Holt: Brian Campbell. He quickly made the Hawks regret trading him and was the best player for the Florida Panthers this season. Just six penalty minutes all season, especially for one that logs as many minutes as Soupy does, is simply absurd.
Jack Adams - Nominees: Ken Hitchcock, Paul MacLean, John Tortorella
Harger: Ken Hitchcock. Hitchcock came to a team that was in the doldrums, boasting a 6-7-0 record and standing at 14th in the West, and completely turned things around for the Blues. They finished the season with a 43-15-11 record, won the Central Division for the first time since 1999-2000 and made it to the Western Conference Semifinals.
Dubiel: Hitchcock – He turned the Blues into a defensive machine almost immediately upon his arrival and did it with essentially the same roster that made St. Louis a middling team in prior seasons.
Palumbo: Ken Hitchcock – In the span of one season he made hockey in St. Louis relevant again. He is by far and away the coach of the year.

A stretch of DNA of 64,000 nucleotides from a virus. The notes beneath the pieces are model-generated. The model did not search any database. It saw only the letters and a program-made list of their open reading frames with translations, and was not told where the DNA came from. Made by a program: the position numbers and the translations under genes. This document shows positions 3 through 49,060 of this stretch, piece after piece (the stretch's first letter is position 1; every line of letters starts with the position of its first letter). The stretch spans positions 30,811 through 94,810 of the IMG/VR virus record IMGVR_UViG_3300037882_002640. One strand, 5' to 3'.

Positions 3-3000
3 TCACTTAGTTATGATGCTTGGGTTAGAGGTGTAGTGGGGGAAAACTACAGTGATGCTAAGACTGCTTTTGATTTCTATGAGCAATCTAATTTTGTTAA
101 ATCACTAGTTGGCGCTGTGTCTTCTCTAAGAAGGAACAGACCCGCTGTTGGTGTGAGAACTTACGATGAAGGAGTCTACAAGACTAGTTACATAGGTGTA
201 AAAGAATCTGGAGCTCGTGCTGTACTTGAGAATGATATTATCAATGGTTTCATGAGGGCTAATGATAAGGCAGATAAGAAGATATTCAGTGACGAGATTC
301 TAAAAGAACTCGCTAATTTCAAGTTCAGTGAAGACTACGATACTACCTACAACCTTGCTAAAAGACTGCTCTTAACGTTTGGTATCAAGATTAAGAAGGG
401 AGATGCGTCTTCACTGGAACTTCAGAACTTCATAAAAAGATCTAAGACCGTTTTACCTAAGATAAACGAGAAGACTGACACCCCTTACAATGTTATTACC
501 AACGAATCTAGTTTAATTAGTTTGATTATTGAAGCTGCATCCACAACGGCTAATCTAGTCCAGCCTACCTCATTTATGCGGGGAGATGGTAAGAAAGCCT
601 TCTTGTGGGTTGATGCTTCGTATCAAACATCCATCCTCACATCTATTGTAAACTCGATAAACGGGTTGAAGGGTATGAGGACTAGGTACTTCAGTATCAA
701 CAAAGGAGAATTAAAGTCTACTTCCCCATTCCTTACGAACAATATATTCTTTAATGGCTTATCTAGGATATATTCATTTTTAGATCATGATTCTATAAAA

Holt: As much as I’d like to say MacLean, Hitchcock turned the Blues into a dominant defensive club in the Western Conference. They were great almost immediately after he took over and became a very dangerous team in the West moving forward.
GM of the Year - Nominees: Dale Tallon, David Poile, Doug Armstrong
Harger: Dale Tallon. Tallon performed an extreme makeover on the Panthers, bringing in 10 new players and new coach Kevin Dineen over the summer. This extreme makeover paid off handsomely as the Panthers won the Southeast Division for the first time ever and went to the playoffs for the first time since 2000.
Dubiel: Tallon – The Panthers burst onto the scene as a relevant team this season. Even though they dumped a lot of money on mid-level free agents, it worked and got them to the playoffs after being a punch line for so long.
Palumbo: Dale Tallon - He turned over his entire roster to produce a Southeast Division Champion, thus ending the clubs decade plus long playoff drought.
Holt: No doubt about, it’s Dale Tallon. He brought some notable players in and made the Panthers relevant in the Eastern Conference, with that overhauled roster winning the Southeast Division.
Agree? Disagree? Sound off in the comments and catch the 2012 NHL Awards from Las Vegas on Wednesday at 7 EST. As an extra incentive to tune in, Nickelback will be performing live..